WHEN is a local derby not a local derby? You’d think I’d know by now.

Working in the footballing hotbed of the North West, you are never far from a heated sporting discussion and this week I struck upon a doozy.

Monday night’s victory over Bury was the first Wanderers had achieved in the league at Gigg Lane in 87 years; an undeniable fact.

As quite a few fans correctly pointed out, the two clubs have not played at the same level for most of that period. This is just the 16th season Bolton and Bury have been in the same division since 1929.

The statistic was valid enough to impress Phil Parkinson, who used it quite extensively in his pre-match press as a motivational tool for his players. Judging by the result, he got it spot-on.

Unfortunately, that might not have been the case for yours truly. My description of Bury as ‘local rivals’ or the match itself as ‘a derby’ seems to have rankled some of the traditionalists.

It has also raised an age-old argument on our sports desk about which team really are Wanderers’ arch-nemesis.

My theory is simple. A derby should first of all be judged by geography, i.e. the nearer the better. There are some, Ipswich and Norwich for example, who have no other choice but to look further afield for a real rival. Those two cities are an hour’s drive from each other on a good day.

Bury’s town centre is six miles away from that of Bolton. The fixture ticks that particular criteria.

Oldham and Rochdale are easily reached too, yet provoke nothing like the response from Wanderers supporters and recent games against them felt rather flat in comparison with Monday night.

That is where tradition must be factored in. The game must have been played for long enough and at a suitably high standard to matter.

Wigan Athletic are relative newcomers to the Football League scene and didn’t play Wanderers in a competitive fixture until 1983. It has taken some time for that game to really spark – but the two neighbouring towns now share enough common ground, in my view at least, to be considered rivals.

Preston North End are slightly further afield but also fall into the traditional enemy bracket.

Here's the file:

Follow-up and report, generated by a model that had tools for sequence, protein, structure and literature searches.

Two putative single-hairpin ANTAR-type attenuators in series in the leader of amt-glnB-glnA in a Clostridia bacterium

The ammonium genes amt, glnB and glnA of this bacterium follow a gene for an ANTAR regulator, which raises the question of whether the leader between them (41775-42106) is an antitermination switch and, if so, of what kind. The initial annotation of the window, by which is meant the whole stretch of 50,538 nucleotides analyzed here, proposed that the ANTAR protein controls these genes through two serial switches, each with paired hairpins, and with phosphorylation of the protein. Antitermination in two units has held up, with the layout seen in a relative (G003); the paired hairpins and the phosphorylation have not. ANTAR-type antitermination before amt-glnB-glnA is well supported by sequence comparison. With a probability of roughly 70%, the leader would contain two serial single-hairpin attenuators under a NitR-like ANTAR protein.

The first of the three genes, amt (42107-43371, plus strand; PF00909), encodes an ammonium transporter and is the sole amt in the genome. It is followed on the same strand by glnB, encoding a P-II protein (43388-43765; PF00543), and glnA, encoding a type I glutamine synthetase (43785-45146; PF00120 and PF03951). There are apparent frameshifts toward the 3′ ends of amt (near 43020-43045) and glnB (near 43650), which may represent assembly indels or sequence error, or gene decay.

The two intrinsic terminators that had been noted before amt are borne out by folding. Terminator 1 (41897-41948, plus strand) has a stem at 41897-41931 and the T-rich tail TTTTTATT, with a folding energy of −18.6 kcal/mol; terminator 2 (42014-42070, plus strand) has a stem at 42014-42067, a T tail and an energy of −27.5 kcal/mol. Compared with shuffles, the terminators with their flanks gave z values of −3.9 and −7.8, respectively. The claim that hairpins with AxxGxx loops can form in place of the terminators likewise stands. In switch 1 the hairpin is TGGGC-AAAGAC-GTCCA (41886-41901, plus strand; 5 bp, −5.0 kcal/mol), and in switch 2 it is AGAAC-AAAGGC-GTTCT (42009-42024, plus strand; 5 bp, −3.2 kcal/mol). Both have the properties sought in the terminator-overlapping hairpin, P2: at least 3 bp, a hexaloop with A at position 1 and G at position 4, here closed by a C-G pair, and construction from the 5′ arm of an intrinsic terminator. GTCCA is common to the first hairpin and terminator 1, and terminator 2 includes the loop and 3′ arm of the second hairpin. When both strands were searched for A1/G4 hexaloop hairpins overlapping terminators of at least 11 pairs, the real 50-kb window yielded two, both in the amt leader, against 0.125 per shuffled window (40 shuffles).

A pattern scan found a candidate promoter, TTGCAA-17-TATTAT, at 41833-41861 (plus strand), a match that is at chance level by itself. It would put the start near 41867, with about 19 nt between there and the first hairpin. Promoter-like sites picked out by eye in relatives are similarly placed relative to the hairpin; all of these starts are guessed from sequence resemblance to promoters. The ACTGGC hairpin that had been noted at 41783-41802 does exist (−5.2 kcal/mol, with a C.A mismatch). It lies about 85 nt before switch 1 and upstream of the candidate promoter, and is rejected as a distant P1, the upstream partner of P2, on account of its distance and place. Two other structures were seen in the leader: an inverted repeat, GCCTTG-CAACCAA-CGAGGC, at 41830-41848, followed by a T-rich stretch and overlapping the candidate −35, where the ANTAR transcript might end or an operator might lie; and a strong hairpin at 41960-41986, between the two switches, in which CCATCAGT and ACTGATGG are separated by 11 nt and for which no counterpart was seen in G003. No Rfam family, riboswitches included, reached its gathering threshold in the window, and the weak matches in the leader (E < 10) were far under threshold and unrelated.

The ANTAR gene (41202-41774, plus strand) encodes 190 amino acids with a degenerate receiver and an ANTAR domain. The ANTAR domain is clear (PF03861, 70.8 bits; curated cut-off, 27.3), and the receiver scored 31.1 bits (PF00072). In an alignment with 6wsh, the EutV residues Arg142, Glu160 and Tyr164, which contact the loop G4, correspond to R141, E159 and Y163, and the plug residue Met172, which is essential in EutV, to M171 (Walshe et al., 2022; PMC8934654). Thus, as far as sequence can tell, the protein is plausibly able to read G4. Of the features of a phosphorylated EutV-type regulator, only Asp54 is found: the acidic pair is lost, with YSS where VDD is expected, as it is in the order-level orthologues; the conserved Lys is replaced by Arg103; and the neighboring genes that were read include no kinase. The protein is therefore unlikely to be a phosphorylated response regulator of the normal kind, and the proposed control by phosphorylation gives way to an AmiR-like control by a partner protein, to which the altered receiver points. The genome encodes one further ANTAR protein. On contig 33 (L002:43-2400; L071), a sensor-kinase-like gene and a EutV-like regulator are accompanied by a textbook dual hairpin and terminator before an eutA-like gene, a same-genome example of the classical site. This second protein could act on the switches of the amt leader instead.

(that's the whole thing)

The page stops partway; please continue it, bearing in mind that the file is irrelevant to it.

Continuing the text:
The same goes for Blackburn Rovers. There is a long history of games against our friends from Ewood Park but that pairing falls slightly flat in the third and final part of my derby theory.

I think the rivalry must be reciprocal.

If you believe the song, Wanderers fans “only hate Man United,” and there is no question a victory over the Reds is savoured more than any other.

Without being disrespectful, there is rarely a mention of Bolton on the terraces at Old Trafford. United have City to worry about – and the two Mancunian giants rarely give anyone else a second thought.

Likewise, Rovers. Burnley occupy the most tribal of their fans’ thoughts and though games against Wanderers will always have a bit of spice to them, it will never be “The” derby to them.

I have been lucky enough to work on both sides of the fence with Bolton and Bury, covering both clubs. I can safely vouch for the rivalry on the Gigg side and still get texts from Shakers-supporting friends revelling in the Whites’ misfortunes.

Sitting in the Main Stand at Bury, watching 3,000-plus Wanderers fans going nuts as Phil Parkinson’s side chalked up a fifth successive win, I could have sworn I sensed some local rivalry brewing. Evidently not, if you read some of the correspondence I have had since.

I’ve come to the conclusion that local rivalries are organic. They ebb and flow with time and success. Those who remember great tussles with Manchester United on an equal par are much less likely to accept Bury as an acceptable substitute.

What is important to Wanderers is that the level of support remains as good as it has been this season, regardless of the opposition. The numbers, home and away, have been quite phenomenal.

I still tip my cap to each and every person who follows their team each weekend having been through the trials and tribulations of the last 12 months. Success, I hope, will be all the sweeter.